But don't write off career happiness as a lost cause. Try these four steps to decipher what you should really be doing with your career:
1. Complain about it. Complaining about your current job/classes/situation can be a surprisingly useful tool. Next time you're grumbling to your best friend, use that negative energy to pinpoint precisely what's wrong. What specifically isn't working? What exactly would you have to change to be happier? Knowing what you don't want to do can be just as illuminating as determining what direction you do want to take.
2. Explore everywhere. Yeah, yeah, everyone says you should explore career options. But it's hard to wrap your head about how many choices are really out there. There are literally thousands of possible careers—some of which might be at the perfect intersection of what you love, what you're good at, and what the world needs.
For one week, invest an hour every day to research. Check out top job lists, browse career exploration sites, or just read your favorite section of the newspaper. Your goal? Write down any career that catches your attention. This exercise can stretch your vision of what opportunities actually exist. And don't worry if you're coming up with jobs that seem impossible to land. As Arthur C. Clarke puts it, "The only way of discovering the limits of the possible is to venture a little way past them into the impossible."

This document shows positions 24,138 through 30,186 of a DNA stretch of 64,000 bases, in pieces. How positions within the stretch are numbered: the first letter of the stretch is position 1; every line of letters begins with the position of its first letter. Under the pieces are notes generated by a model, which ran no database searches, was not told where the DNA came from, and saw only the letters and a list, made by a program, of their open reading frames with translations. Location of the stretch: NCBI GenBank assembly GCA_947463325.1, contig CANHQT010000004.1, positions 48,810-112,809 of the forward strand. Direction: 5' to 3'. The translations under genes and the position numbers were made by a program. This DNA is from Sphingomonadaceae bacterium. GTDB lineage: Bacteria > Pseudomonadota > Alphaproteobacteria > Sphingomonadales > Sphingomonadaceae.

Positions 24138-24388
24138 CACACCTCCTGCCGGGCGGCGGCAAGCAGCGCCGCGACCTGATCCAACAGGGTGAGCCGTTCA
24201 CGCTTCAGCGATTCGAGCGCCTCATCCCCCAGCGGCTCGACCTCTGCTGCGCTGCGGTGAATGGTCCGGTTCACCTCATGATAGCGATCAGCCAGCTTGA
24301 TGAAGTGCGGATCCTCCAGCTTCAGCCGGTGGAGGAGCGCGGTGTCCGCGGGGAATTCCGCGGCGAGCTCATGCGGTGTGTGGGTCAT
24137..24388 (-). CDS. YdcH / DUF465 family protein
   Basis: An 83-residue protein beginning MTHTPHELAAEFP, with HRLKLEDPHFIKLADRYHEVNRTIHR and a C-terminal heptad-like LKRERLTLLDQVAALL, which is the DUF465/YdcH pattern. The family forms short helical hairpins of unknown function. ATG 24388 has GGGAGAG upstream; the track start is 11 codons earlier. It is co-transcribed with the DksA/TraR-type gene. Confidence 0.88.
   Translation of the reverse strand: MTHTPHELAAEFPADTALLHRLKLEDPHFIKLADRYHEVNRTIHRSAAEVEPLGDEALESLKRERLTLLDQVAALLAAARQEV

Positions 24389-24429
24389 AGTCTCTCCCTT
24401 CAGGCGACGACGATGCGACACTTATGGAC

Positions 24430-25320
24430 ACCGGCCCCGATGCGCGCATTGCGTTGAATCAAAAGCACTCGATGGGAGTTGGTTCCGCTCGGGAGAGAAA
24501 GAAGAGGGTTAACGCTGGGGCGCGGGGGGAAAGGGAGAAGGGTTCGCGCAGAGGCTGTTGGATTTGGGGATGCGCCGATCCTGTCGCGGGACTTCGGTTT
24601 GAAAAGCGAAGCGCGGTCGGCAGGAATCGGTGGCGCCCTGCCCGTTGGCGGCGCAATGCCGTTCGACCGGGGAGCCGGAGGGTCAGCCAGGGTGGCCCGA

3. Take it for a spin. Hands-on experience can be the sharpest teacher. Career coach Jennifer Turliuk put it this way: "I realized that, although I could predict and pontificate about a career path that might make me happier, I could never actually know until I was into the thick of it."
The trick is testing out different career options without committing too much time and money. One straightforward option is to find people you admire and ask to shadow them for a day or a week. Mini internships, short-term volunteer work, and informational interviews can all work, too. You may be surprised by how many people are happy to give you time and share their passion.
4. Turn off your lizard brain. Sometimes the best—or only—way to figure out the right direction is to make a choice and just go for it. But here's where your lizard brain kicks in.
The lizard brain is a prehistoric part of your gray matter that's in charge of fear, anger, and reproductive drive—and it hates change. It hates risk. It's that little voice in the back of your head that says "Stay right where you are. It's comfy and safe here." While the lizard mentality might be helpful for surviving in caves, it can kill your momentum.
To take a leap in a new direction, you've got to turn your lizard brain off—or at least down a few decibels. As entrepreneur Seth Godin writes: "Your lizard brain is here to stay, and your job is to figure out how to quiet it and ignore it."
What steps are you taking to find your direction?
Annie Favreau is the managing editor for Inside Jobs—a site that helps career changers and choosers discover strong career options + find the right education to make it happen. Follow her on Twitter @InsideJobs.